Had La Fontaine accepted Blake’s resignation, Blake would have left office without completing the massive reorganization of Upper Canada’s judicial system for which he is best remembered. In 1843 Blake had accepted appointment, along with Robert Easton Burns and James C. P. Esten, to a commission charged with examining the “practice and proceedings” of the Court of Chancery. Court reform had been a sensitive area, for the entire legal structure had been profoundly unpopular for many years. Many left-wing Reformers regarded the equity court as a device whereby lawyers exploited a vulnerable public, and advocated instead a simplified, less expensive system of legal administration. Many lawyers, however, wanted an enlarged court of chancery, additional common law court services, and an improved appeals system. There was a third motive force for legal reform at work behind the scene. Although Blake’s private views remained secret, he regarded many of Upper Canada’s powerful superior court judges as Tory hacks. He attributed his electoral defeat in 1845 to the intimidation by Conservative judges of many lawyers who might otherwise have aided the Reform party in elections. In 1845 he complained to Baldwin that “it is the thought of offending judges whose decrees are absolute, and who thus hold the fate of transgressors in their hand which has driven the bar into the ranks of our opponents.” Blake wanted to reduce the authority of the judges, whom he accused of acting as a veritable “inquisition,” and argued, “Give us the court of appeal, and you do more to liberalise the bench & bar than can well be conceived.” He also shared with many professional colleagues the view that the single Court of Chancery judge, Vice-Chancellor Robert Sympson Jameson*, was incompetent. Indeed in 1845 Baldwin accused Blake of supporting judicial reform “for the sole purpose of getting rid of [Jameson].”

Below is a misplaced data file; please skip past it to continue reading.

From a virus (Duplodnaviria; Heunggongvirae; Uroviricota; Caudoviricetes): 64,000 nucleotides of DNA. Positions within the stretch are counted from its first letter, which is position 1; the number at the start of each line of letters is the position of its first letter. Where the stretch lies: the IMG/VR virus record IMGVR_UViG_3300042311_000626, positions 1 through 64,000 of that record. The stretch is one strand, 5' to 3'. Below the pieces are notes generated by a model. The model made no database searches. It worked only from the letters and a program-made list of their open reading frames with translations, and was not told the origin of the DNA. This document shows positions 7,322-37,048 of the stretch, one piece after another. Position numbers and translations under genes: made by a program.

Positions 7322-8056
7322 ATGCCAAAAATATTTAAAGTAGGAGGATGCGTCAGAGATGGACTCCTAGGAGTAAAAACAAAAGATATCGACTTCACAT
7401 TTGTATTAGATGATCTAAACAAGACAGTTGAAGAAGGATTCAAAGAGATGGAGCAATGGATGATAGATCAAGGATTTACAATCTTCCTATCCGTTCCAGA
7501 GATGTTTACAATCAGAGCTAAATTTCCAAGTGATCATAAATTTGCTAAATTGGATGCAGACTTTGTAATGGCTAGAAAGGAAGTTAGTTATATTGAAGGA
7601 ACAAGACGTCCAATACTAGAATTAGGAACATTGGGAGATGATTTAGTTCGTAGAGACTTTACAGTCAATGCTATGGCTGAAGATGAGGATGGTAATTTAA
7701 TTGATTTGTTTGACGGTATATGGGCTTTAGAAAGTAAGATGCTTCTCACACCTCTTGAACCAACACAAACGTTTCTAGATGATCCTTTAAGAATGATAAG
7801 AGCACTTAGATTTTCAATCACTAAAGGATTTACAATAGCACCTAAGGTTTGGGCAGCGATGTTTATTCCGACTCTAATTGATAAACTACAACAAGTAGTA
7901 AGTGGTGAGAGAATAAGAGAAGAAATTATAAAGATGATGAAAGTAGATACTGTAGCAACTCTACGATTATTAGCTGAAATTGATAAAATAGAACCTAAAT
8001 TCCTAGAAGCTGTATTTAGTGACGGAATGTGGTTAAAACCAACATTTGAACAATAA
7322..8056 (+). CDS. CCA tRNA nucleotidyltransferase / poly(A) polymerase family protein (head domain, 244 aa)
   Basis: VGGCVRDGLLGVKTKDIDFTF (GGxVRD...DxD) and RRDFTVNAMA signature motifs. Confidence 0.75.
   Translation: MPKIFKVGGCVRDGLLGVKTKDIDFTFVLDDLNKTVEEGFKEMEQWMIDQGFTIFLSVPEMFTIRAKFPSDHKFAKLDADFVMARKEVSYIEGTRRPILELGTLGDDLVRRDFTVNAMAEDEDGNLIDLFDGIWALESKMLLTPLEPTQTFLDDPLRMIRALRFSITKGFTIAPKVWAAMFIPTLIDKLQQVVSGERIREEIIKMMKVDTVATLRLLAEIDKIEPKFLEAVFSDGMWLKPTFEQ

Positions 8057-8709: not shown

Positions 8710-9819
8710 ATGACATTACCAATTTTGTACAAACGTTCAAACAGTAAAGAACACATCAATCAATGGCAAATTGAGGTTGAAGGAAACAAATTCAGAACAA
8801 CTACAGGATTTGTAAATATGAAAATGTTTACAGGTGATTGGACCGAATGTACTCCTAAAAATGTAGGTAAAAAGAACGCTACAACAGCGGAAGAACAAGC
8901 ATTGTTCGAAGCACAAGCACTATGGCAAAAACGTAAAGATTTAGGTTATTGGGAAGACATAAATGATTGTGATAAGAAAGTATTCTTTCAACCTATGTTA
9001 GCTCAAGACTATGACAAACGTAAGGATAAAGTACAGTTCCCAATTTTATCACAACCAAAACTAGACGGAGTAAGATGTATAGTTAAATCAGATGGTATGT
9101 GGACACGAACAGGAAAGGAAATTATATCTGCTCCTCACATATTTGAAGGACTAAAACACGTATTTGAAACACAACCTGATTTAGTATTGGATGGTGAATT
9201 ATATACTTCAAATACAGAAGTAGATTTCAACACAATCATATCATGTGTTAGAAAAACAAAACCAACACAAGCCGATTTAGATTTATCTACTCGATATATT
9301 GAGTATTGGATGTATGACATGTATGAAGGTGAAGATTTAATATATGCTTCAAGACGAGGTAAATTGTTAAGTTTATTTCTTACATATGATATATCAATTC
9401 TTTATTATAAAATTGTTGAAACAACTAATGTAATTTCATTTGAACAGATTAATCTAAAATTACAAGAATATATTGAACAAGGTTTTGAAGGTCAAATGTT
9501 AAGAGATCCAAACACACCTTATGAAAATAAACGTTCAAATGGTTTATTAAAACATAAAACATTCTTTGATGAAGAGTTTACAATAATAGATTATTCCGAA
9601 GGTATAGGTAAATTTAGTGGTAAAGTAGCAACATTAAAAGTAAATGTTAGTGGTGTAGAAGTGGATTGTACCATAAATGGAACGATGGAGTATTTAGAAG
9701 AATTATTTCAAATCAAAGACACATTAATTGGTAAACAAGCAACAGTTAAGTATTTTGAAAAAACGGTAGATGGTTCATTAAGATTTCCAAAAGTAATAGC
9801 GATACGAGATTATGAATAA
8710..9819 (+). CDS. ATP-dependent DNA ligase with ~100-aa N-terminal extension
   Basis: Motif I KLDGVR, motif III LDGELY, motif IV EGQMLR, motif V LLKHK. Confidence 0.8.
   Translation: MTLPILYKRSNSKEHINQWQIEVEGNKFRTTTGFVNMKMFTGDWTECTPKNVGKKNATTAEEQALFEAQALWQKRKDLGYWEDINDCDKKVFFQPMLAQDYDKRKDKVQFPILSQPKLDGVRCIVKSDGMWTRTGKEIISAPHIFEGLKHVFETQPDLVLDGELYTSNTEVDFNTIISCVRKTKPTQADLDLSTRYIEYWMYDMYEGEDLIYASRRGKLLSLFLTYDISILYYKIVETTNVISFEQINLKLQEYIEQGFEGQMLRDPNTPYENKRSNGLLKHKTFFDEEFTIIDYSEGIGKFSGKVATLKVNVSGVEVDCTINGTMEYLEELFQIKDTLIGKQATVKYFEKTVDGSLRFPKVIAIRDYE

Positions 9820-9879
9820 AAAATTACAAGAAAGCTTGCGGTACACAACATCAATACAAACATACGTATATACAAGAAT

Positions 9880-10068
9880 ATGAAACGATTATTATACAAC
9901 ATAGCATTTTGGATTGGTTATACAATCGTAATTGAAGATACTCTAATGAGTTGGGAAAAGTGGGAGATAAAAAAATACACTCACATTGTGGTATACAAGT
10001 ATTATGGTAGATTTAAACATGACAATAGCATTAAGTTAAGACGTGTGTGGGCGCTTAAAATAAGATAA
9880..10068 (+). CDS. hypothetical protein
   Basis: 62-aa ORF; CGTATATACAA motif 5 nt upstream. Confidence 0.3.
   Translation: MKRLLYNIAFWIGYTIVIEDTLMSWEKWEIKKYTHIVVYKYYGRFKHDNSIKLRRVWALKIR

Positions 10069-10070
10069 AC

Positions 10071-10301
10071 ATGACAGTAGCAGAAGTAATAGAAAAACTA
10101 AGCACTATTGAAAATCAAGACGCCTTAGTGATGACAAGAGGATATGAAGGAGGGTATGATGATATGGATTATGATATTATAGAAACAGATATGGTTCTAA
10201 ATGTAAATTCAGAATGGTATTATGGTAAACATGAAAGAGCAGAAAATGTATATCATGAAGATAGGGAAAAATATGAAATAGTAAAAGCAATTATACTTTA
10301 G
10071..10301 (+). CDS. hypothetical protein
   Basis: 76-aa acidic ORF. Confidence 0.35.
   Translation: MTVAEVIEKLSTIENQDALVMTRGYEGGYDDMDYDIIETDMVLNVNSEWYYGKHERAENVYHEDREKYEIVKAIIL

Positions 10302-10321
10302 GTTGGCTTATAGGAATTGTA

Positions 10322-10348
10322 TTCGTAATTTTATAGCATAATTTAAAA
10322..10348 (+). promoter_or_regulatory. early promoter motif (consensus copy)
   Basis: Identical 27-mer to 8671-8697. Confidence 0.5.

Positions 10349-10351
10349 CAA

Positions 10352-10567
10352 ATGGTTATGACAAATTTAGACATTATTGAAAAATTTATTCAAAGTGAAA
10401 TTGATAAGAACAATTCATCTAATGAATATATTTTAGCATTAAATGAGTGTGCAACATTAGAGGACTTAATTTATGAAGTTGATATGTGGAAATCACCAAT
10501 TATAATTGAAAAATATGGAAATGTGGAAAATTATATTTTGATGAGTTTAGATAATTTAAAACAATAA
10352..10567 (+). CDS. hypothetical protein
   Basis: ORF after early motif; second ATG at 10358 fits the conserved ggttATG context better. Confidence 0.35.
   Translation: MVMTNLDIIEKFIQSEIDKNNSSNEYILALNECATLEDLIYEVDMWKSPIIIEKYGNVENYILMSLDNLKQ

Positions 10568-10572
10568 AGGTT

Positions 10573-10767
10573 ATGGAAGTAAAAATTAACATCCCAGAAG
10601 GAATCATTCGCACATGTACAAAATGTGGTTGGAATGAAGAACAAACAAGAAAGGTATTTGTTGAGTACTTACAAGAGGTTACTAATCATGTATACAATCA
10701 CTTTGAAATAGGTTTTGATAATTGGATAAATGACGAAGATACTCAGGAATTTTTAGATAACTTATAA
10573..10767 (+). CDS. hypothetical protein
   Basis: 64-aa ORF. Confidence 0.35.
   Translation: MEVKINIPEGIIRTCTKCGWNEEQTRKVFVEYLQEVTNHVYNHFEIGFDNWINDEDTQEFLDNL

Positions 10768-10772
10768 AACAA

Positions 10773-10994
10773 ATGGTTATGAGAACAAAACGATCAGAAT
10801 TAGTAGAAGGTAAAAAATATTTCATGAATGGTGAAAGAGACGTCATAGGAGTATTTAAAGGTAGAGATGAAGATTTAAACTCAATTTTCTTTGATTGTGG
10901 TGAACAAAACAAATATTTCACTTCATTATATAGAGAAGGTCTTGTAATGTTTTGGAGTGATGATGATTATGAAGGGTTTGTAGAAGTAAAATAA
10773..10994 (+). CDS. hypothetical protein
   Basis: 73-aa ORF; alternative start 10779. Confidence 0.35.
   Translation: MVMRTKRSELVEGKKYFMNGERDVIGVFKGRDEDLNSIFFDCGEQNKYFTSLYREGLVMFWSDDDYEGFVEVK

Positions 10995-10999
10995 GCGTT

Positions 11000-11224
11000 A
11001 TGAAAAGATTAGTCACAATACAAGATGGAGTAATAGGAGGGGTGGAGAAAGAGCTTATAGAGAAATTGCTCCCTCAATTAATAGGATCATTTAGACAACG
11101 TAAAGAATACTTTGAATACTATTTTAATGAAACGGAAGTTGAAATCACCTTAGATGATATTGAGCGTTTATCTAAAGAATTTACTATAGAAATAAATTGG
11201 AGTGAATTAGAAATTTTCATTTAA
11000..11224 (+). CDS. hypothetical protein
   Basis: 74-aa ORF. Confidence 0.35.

The commissioners investigating the Court of Chancery reported to Draper’s Conservative régime in 1845 without making any recommendations for fundamental changes, but Blake’s criticisms made during their investigations were clearly regarded as representative of the legal profession. In 1845 he publicly expressed his views in A letter to the Hon. Robert Baldwin . . . upon the administration of justice in western Canada, arguing that the existing system was defective because there was no effective appeals system, and because the Court of Chancery under a single judge had neither healthy respect for the law nor true freedom for the citizen. The solution was relatively simple: the Court of Queen’s Bench should be divided into two common law courts; there should be three equity judges in a reformed court of chancery; and a court of appellate jurisdiction should be provided by “the assemblage of these several judges, in a court, to be termed the Court of Exchequer Chamber. . . .”